Before our flight from Cusco to Iquitos (with a connection in Lima), we got to sleep in until six AM. I was so sleep-deprived at this point that it felt like a luxury. We had breakfast in the hostel with the other early risers, most of whom had just arrived in Cusco, and then hailed a cab to the airport.
Checking a bag was a nightmare. From Cusco to Lima they said my carry-on was too big, and then too heavy, and had to be a second checked bag. Mom and I were tearing our suitcases open and jumbling things around on the floor, trying to get everything to meet their requirements. Then, Mom couldn’t find her yellow fever card (which we ended up not needing because no one asked if we’d gotten the vaccination). So we jumbled things around again on the other side of security, but we couldn’t find it. It eventually turned up in my suitcase, under a bag of uncooked pasta, but Mom was freaking out about it. The gate written on our tickets was actually going to Arequipa, so I went to talk to the attendants there. They didn’t want anything to do with me because it was a different airline and sent me across the way to talk to a different gate, this one run by Latam people. They were my airline, but didn’t want anything to do with me because it was the wrong gate. I ended up just staring at the monitors until our flight was announced, with a gate change, and Mom and I hurried downstairs.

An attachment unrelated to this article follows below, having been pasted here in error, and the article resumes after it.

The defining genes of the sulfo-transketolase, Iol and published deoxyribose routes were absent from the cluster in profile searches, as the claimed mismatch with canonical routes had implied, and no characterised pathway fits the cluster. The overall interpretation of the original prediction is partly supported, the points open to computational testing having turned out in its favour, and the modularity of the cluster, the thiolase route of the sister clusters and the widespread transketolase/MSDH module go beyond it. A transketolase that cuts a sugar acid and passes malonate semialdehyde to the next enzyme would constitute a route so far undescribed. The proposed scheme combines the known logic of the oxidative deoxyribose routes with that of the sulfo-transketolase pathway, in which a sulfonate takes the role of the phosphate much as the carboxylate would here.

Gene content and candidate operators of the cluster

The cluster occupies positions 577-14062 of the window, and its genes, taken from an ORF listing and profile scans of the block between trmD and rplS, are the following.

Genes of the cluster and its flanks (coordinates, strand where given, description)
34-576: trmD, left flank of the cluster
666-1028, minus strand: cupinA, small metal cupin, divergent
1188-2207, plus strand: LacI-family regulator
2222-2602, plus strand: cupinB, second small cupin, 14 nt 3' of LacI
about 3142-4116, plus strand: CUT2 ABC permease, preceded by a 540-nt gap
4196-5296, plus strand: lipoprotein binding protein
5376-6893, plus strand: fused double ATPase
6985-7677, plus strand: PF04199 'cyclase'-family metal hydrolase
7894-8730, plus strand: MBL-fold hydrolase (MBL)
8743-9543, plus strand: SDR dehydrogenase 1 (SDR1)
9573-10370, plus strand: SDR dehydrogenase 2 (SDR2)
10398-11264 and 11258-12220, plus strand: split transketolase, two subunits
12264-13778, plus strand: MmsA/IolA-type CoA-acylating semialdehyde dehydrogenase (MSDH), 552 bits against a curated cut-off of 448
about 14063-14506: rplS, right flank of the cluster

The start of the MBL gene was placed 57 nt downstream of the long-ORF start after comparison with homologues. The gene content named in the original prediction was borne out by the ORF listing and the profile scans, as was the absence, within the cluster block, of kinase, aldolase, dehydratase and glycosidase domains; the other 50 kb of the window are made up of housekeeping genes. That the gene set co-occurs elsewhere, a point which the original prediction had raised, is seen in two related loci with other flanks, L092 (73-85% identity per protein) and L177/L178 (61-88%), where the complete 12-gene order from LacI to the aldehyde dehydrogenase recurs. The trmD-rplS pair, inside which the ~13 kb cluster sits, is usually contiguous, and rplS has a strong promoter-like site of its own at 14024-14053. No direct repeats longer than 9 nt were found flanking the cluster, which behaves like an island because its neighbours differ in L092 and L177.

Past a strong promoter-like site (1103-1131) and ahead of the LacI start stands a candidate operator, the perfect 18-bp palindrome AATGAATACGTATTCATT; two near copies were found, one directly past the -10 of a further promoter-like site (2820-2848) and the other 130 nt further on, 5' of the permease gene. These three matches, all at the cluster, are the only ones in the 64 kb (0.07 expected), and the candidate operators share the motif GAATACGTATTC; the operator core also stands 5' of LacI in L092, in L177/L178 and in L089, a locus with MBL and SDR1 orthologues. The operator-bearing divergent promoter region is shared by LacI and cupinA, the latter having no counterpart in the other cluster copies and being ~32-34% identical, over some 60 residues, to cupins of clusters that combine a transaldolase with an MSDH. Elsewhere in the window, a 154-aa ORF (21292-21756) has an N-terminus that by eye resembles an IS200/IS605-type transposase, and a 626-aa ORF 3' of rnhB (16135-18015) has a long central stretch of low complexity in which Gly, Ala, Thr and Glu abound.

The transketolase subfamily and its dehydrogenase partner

Lima to Iquitos was only a little less of a mess. We had to go to baggage claim and exit then reenter the airport in Lima, before checking my larger suitcase. After security, this lady came around with a cardboard box, fitting it over everyone’s carry-ons. She was about to tell me that my second suitcase was too large because the box didn’t slide over it easily, so I stood up, put my hand next to hers, and shoved. “There you go,” I told her. “Now it fits.” Everyone near us was laughing hysterically.
I tossed my raincoat in the overhead bin so I didn’t have to sit on it and jammed my backpack under the seat in front of me. By the end of the flight, the raincoat was gone. I searched everywhere. Mom did, too. We enlisted two flight attendants and then security, but no one could find it because someone had walked off with it. Can you believe it? Someone stole my rain jacket!
Welcome, my friends, to the rainforest.
At least the hostel was nice, and even though I lost my chakana bracelet there, the private room was comfortable and we had both hot water (although it was now unnecessary) and AC. Unlike Cusco, Iquitos is hot! We had dinner in a local restaurant overlooking the Amazon River, and sunset was weirdly early. We were both asleep far before our 9:00 o’clock pick-up warranted.